Can a woman with ADHD take stimulant medication while pregnant?
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Note: Read this along with the related FAQ, Can a woman with ADHD take non-stimulant medications while pregnant?
With more and more women being diagnosed and treated for ADHD, the question of safe use of stimulant medications during pregnancy has become more critical. In general, stimulants (either the amphetamines like Adderall or methyphenidate like Concerta, Ritalin LA and Metadate CD) are all considered "Category C" teratogens. That means that they should only be used when the risk to the mother outweighs the risk to the fetus.
To date, the effects of stimulants during pregnancy have only been studied in animals, where defects were seen in the offspring when the mothers were given very high doses of the stimulants. The doses of stimulants given to animals for these studies have been 41x and 12x the usual human dose. The literature contains individual case reports of women who have taken stimulants during their pregnancy and, clinically, there have been many other women who have taken stimulants and have had normal babies.
The important questions for a woman who is being treated for ADHD and who is thinking about getting pregnant or who recently learned that she is pregnant are the following:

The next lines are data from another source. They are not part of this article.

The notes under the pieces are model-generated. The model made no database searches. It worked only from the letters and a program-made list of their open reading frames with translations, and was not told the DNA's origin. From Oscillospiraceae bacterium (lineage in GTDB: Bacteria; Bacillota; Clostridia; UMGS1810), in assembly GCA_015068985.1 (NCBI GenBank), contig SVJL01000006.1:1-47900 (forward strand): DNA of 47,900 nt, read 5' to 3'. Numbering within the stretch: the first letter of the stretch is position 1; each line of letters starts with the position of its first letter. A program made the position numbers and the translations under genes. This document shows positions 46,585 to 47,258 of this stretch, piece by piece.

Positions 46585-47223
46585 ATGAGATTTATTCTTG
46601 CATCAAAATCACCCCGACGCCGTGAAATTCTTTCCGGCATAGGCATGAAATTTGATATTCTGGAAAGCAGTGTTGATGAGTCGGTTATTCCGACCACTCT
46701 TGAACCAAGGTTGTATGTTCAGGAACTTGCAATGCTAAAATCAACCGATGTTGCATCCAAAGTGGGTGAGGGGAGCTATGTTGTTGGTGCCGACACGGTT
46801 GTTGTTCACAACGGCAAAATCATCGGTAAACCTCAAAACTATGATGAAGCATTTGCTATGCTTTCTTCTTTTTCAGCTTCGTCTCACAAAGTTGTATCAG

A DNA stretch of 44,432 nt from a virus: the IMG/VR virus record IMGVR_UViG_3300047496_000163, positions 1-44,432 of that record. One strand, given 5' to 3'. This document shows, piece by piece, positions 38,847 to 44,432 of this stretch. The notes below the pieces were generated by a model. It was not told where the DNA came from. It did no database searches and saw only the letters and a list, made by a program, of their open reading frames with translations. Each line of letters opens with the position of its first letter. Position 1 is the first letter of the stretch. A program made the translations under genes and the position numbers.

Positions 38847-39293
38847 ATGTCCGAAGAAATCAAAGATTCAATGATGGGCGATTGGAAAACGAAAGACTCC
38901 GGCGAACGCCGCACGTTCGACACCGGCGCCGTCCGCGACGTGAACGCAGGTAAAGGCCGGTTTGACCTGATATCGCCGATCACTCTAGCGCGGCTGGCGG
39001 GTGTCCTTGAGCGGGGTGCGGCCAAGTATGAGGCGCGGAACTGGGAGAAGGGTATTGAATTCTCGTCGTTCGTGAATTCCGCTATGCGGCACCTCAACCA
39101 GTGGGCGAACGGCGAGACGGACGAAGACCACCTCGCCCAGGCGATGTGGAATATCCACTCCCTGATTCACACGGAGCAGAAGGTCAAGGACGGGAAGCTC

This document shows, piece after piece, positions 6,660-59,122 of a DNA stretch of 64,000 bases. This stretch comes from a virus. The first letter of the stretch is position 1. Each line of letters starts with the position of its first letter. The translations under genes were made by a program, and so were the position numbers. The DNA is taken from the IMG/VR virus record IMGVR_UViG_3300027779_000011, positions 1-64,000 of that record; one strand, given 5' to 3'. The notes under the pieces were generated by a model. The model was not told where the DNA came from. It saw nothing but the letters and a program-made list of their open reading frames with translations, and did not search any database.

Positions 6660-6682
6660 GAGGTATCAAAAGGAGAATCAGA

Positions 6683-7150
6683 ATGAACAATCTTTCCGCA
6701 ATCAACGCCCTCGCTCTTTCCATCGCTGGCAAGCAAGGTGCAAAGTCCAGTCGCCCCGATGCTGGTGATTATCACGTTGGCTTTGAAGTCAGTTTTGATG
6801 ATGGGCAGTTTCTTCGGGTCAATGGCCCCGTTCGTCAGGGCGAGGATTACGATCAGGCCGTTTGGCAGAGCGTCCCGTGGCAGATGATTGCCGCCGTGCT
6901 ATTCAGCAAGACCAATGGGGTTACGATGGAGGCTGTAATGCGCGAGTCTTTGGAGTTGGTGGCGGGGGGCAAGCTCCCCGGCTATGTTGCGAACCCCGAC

- Should she discontinue stimulants prior to becoming pregnant?
- Should she continue stimulants after her first 3 months?
- Should she discontinue medication during the entire pregnancy?
- What are the risks both to the mother and the baby if her ADHD goes untreated?
Each woman should decide the answers to these questions for herself after considering all of the available information and discussing these issues with her physician and significant others in her life. The problems with the stimulants have to do with cardiac defects, which usually occur because of problems during the formation stages of each organ system during the first trimester. To date, there are no large-scale studies to provide us with answers.
While we have tried to answer your question by providing information, this information should not be considered a substitute for medical advise and a women should always discuss such information with her treating physician.
- Medications and Pregnancy - information from CDC
- OTIS (Organization of Teratology Information Specialists) -- OTIS is a non-profit organization made up of individual services throughout North America dedicated to providing accurate evidence-based, clinical information to patients and health care professionals about exposures during pregnancy and lactation.